Imagine life without the local barber under a tree. For a sum of money, typically between 10 and 50 cents, such craftsmen provide service more popular and effective than the “Shave India Movement” organized by Gillette. As opposed to millions spent on advertising campaigns, the local barber helps keep the faces of Indian men shaven, their hair trimmed, and for a tip they will top their service with a head massage using a smelly but a natural herbal oil that has more invigorating experience than an expensive spa where you would need to spend a fortune. It is simply a social service…
Consider this, if this barber was banished from the roads, trained and given place in a Loreal Professional Salon, he will graduate from a market of essential services to a genre of luxury products. He will probably earn the same, as now his seemingly higher income would have to bear the burden of direct taxes, and the common man would be found with uncut hair and an unshaven face because he wouldn’t be able to afford the cost of sitting in an airconditioned salon to benefit from similar service.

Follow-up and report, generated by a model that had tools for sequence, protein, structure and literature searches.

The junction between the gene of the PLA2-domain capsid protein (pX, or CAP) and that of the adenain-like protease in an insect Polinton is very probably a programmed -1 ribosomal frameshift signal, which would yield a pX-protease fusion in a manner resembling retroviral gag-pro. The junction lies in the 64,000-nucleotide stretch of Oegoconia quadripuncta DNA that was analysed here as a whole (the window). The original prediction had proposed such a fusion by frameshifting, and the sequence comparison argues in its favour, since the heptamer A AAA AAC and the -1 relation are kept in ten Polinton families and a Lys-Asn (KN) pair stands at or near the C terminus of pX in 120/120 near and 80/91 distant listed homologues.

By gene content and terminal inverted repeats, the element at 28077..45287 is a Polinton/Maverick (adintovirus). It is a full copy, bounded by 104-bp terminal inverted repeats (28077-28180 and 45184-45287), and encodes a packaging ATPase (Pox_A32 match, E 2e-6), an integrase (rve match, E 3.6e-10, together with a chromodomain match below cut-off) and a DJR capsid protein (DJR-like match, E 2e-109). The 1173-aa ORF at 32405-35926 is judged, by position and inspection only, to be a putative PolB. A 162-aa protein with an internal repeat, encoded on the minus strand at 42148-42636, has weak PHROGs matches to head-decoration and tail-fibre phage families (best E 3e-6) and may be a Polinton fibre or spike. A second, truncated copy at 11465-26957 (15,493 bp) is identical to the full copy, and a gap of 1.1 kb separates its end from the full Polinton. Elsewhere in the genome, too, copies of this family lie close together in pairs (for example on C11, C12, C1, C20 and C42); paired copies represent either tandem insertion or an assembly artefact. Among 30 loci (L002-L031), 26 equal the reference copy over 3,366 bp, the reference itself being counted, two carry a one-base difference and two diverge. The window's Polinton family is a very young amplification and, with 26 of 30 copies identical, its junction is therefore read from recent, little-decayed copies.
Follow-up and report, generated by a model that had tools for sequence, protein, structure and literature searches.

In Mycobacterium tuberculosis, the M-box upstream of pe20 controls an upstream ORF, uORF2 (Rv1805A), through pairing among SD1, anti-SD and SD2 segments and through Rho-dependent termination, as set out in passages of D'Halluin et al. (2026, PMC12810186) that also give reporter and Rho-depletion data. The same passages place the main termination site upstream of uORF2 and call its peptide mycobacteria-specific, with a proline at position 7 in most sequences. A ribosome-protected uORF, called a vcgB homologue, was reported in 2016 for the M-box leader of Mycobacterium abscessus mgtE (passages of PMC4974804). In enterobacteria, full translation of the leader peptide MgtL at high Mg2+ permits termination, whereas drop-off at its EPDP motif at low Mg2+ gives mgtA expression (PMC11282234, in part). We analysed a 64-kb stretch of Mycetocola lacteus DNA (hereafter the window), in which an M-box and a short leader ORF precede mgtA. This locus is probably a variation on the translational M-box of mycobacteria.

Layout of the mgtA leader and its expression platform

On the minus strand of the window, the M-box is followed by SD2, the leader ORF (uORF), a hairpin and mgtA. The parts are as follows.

The collapse of the system on the appearance of our men would be catastrophic, in the wake of economic development of our cities and neighborhood. To think, that as India awoke to the hour of independence back in 1947, values of compassion and tolerance kept alive the spirit of humanity in every facet of our lives. And these feelings allowed businesses such as these to thrive among the people of our country.
And sixty years hence, the country and its people provide a means of livelyhood to a large section of society, who’s income and wealth are unaccounted for by international accounting standards.